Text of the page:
The body has a lot of change to go through on the path to post-humanity. There is a lot of room for improvement and enhancement. Even with all of these cool improvements and enhancements though, my cynical side emerges. While these would be great, are we giving ourselves too much credit that the choices we will make on the route to post-humanity will be practical? Isn’t society a little more vain that that? Seriously? The desire for youth and beauty is by no means a new phenomenon.
I have posted about universal health care coverage many, many times as an ethical and moral imperative. In the last year, my hopes (along with many other bioethicists, I’m sure) of attaining universal coverage have gone up, down and sideways, like a roller-coaster ride, exhilarating and frightening, with emotions ranging from inspiration to resignation. Now that the US House of Representative has finally passed a health reform bill, I’ve requested several bioethicists (and friends of the WBP) to share their thoughts on the ethical implications of the passage of this bill.
Questions of good and evil, right and wrong are commonly thought unanswerable by science. But Sam Harris argues that science can—and should—be an authority on moral issues, shaping human values and setting out what constitutes a good life.
This summer IEET Fellow Ben Goertzel will teach the distance learning course “Special Topics in Sociology: Singularity Studies, the first accredited college course on the Singularity and associated technologies, through Rutgers University. The three-credit summer course will feature online lectures and discussions every Monday and Wednesday evening throughout the summer and is available to students internationally. The IEET’s J. Hughes, Natasha Vita-More and Aubrey de Grey will be among the guest lecturers.
Biodiversity loss. Land use. Freshwater use. Nitrogen and phosphorus cycles. Stratospheric ozone. Ocean acidification. Climate change. Chemical Pollution. Aerosol loading in the atmosphere.
A team of 30 scientists across the globe have determined that the nine environmental processes named above must remain within specific limits, otherwise the “safe operating space” within which humankind can exist on Earth will be threatened.
I spent the last three days at the Kennedy Space Center, for the inaugural meeting of the LAUNCH organization. We talked water, and saw some pretty interesting—and occasionally remarkable—innovations and proposals.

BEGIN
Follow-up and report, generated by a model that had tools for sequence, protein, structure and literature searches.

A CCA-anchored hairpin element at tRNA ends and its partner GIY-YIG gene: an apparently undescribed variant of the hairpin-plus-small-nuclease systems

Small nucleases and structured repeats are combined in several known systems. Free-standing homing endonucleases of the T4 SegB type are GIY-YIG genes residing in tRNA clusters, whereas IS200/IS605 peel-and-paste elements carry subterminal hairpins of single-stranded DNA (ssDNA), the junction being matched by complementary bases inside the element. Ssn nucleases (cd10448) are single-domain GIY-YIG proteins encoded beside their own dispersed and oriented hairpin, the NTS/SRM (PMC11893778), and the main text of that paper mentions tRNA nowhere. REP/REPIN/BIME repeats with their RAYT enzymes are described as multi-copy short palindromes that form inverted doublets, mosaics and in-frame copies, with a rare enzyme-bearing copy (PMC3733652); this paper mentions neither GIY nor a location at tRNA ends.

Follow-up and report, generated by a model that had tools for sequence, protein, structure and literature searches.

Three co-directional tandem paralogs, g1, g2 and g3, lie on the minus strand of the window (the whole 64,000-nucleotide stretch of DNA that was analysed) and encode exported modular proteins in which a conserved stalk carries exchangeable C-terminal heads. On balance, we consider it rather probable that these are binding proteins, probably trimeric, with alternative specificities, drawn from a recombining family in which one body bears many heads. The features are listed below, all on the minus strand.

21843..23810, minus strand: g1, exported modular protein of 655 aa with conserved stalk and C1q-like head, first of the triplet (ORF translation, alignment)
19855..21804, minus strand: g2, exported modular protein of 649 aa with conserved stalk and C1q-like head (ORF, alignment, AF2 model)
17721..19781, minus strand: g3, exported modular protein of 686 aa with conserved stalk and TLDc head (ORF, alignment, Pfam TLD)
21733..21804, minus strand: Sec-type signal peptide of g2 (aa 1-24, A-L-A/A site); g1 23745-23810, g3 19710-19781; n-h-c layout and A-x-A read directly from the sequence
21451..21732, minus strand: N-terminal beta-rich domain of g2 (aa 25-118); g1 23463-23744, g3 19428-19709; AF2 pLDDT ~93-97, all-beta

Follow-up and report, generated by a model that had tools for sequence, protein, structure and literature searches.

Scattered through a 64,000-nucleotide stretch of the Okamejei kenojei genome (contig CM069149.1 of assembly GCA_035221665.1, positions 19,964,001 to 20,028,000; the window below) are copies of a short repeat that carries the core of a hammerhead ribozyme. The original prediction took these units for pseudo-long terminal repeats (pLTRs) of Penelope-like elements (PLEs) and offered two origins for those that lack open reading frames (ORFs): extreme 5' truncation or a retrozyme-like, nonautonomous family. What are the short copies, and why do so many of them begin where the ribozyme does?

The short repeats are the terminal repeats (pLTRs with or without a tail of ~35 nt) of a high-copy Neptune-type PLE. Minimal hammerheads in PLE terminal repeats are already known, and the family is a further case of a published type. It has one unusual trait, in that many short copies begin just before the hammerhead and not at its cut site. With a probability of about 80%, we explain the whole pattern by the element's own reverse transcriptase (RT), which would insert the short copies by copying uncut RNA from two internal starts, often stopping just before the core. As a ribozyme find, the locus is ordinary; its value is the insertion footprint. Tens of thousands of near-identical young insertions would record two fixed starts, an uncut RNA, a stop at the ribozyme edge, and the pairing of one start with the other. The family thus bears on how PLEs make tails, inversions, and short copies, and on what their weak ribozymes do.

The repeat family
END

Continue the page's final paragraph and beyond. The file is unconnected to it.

The history of our belief in progress is a complicated one. This belief first arose during the eighteenth century Enlightenment and became a central feature of the Western worldview until circa the mid-twentieth century, when the first anthropogenic “existential risk” was introduced. Although progressionism suffered a serious blow with the inauguration of the Atomic Age, a renewed belief in the goodness and historical reality of techno-progress has reemerged within the transhumanist movement.
(with co-author M. Heather Dragoo) Abstract: As a genre, science fiction provides a uniquely fertile medium from which we can extrapolate the defining characteristics of personhood, explore our future potentials, and project our current selves onto tomorrow. One such example is the Uglies trilogy by Scott Westerfeld.
By an overwhelming majority, respondents to a recently concluded poll said they expect the pace of development in emerging technologies to remain swift over the next two decades, but they are divided over how strong the opposition will be to human enhancements.
Early last month, the now-famous paper by Dr Andrew Wakefield that supposedly linked vaccines to the onset of autism, was formally retracted by the Lancet, the journal that published it back in 1998. This was a monumental decision, considering it was the conclusions drawn from this paper that launched the firestorm of debate around the safety of vaccines, and likely the cause of the current vaccine crisis.
For active online gamers, real life is broken. It doesn’t make any sense. Effort isn’t connected to reward. The path forward is confused, convoluted, and contradictory. Worse, there’s a growing sense that the entire game is being corrupted to ensure failure. So why play it?
One of the biggest letdowns for me about the film Wall-E was that all of the robots, save the evil navigator, were in some way visually anthropomorphic. They had hands, eyes, voices, that were unmistakably humanish. Pixar’s great mascot, Luxo Jr., managed to be lovable without these traits. There is a certain extra level of magic involved in making a great character that is utterly unrecognizable as human.
Yesterday in Shanghai, a woman miscarried. The child that wasn’t born would have led a unified China to attack and defeat India, Russia, and finally Europe, resulting in a Chinese empire that ruled the world from 2050 to 2100. Instead, China wilted under internal political strife caused by economic and environmental pressures, and became a second-rate power in the 21st century.
We tend think about compassion on the level of individual selves and minds: Bob feels compassionate toward Jim because Jim lost his wife, or his wallet, etc. Bob sympathizes with Jim because he can internally, to a certain extent, “feel what Jim feels.”
After a yearlong hiatus, I thought it was about time that I got back on the nano-horse and giddy-upped into some new thoughts and understandings regarding that tiny little thing we call “nanotechnology.”